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Texas group puts focus on N. Korea

Bush hometown's Christian alliance eyes human rights

SEOUL -- Christian supporters from President Bush's Texas hometown, believed to have been instrumental in pressuring the White House to raise concerns over war-ravaged Sudan, are launching another international human rights campaign -- this time against North Korea's hard-line regime.

Members of the Midland Ministerial Alliance, a network of more than 200 churches in the city, are in Seoul this week seeking support for their latest push for improved human rights in the communist North.

''North Korean human rights will be the primary focus that we encourage the community here to actively engage in, to use their influence, and to not rest until the lives of North Koreans have changed for much better," alliance spokeswoman Deborah Fikes told South Korean lawmakers Friday.

Reports of torture and public executions are a few of the atrocities that have emerged from the isolated North, raising international concerns. Between 150,000 and 200,000 people are believed to be held in prison camps for political reasons, the State Department said in its latest human rights report on the North.

However, Pyongyang's alleged human rights abuses have often been overshadowed by the international crisis over its nuclear weapons program. Six-nation talks aimed at ending Pyongyang's nuclear ambitions have been stalled for a year, with North Korea refusing to return, citing what it calls hostile US policies toward its regime.

The alliance is seeking to cast a spotlight on rights abuses and has made a prominent defector who recently met with Bush the centerpiece of their campaign.

Fikes has invited Kang Chol Hwan, author of ''The Aquariums of Pyongyang," to a Christian music festival in August in Midland, where he will stay for three weeks to testify about a decade of abuses he suffered in a prison camp where he was sent as a child with his family. ''I believe it's God's will for me to let people know about the miserable conditions of North Korea's prison camps," Kang told South Korean lawmakers Friday, saying he hoped his visit could help save fellow North Koreans.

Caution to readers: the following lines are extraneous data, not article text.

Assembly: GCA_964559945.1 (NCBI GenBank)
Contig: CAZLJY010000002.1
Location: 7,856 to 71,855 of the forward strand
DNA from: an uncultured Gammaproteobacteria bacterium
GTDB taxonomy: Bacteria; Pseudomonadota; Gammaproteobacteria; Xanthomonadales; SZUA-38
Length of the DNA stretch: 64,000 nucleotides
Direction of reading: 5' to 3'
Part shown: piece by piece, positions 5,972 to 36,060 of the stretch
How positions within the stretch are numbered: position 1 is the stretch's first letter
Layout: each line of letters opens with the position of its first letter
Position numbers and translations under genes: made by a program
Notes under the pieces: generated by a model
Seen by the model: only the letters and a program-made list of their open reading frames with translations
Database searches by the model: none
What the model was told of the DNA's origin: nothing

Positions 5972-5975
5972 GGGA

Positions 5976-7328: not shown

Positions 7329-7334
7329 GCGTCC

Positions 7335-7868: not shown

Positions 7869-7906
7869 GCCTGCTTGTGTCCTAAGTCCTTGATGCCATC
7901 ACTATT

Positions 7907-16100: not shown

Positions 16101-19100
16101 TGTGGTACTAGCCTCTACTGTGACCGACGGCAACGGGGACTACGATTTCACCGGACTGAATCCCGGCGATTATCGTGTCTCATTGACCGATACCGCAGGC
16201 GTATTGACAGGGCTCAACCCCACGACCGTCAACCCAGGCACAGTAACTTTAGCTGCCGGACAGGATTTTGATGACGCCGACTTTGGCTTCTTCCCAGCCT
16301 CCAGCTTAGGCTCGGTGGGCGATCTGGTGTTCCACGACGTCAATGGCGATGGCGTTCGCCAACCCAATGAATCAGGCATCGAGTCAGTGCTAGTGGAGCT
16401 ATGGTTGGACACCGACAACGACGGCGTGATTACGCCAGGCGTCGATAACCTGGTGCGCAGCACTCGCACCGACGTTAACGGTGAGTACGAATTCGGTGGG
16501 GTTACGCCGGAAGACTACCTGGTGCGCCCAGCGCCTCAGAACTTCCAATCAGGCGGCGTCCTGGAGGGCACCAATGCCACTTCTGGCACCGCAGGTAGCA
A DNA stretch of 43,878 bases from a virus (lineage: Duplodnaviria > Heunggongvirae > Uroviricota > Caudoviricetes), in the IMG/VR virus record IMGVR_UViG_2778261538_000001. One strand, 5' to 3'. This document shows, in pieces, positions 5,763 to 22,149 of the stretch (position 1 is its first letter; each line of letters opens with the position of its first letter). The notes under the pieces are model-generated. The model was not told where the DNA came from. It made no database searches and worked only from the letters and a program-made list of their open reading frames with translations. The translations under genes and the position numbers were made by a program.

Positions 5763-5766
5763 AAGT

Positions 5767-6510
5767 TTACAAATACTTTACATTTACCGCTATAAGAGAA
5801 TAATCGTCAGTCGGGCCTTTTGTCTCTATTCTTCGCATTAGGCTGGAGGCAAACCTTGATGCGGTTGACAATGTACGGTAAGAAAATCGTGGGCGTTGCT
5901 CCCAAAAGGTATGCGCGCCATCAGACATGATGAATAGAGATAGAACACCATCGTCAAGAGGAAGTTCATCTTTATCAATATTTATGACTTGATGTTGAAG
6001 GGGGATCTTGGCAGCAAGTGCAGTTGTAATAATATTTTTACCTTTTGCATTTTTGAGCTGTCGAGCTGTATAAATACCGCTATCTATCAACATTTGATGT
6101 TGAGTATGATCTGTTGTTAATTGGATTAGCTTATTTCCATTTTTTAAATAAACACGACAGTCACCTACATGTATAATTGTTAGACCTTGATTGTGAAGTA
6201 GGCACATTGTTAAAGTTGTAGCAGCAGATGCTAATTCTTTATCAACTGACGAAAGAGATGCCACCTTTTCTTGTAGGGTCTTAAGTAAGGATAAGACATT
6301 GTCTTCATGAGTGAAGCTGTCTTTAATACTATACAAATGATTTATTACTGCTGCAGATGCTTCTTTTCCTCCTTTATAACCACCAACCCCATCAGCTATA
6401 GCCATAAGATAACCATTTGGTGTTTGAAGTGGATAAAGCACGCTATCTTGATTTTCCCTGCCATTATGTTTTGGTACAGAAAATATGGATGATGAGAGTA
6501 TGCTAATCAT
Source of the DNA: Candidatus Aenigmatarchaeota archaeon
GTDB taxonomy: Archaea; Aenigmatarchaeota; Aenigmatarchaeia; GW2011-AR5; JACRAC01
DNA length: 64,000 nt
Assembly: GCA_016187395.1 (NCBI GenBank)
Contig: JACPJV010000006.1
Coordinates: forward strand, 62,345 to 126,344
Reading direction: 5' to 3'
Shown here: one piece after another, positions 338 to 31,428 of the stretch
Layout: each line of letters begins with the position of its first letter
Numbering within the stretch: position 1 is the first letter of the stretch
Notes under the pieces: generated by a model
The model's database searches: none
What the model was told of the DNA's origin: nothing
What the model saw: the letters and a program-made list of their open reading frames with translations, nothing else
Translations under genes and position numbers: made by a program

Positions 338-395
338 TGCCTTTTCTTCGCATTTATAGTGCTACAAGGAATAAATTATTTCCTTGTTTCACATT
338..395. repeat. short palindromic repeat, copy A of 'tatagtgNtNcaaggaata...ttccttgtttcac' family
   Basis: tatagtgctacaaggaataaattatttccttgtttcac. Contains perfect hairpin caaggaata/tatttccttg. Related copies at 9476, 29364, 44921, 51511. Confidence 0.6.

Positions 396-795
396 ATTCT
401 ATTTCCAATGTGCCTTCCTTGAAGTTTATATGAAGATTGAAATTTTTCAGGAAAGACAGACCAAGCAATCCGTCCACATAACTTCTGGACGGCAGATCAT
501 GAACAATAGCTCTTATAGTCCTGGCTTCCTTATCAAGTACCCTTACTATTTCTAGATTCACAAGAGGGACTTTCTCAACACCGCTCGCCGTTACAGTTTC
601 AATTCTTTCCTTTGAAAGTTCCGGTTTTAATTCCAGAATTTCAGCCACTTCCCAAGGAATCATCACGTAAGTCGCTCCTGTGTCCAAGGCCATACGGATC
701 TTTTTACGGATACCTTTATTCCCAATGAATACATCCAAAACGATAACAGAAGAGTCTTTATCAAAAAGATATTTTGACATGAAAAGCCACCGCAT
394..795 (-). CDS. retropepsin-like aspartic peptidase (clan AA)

Fikes said Bush's June 13 meeting with Kang shows ''human rights will be central to any negotiations with North Korea."

''I would be very surprised if that changes," she said last week. ''It's very, very clear that human rights are very important to President Bush personally."

The defector's visit to Washington has drawn ire from the North, whose official news agency Thursday called Kang ''human trash" and said Bush speaking to him was an ''act of throwing a wet blanket on the efforts to resume" the nuclear talks.

Fikes describes the alliance as a ''loosely organized" group without a budget or a website. But the organization based in the ''hometown of President George W. Bush and first lady Laura Bush" -- as it advertises on its letterhead -- has become a major player in human rights movements at home and abroad, specialists say.

Born in Connecticut, President Bush spent his childhood in Midland before heading off to Yale and Harvard Business School.

Allen Hertzke, professor of political science and director of religious studies at the University of Oklahoma, said the Midland group was able to convey concerns about cease-fire violations ''directly to the Sudanese government" because of its connection to Bush.

Hertzke, who has written a book on the alliance's role in Sudan, said it was influential in the US Senate's passage last year of the North Korean Human Rights Act, which provides $24 million a year in humanitarian aid for North Koreans, mostly for refugees.

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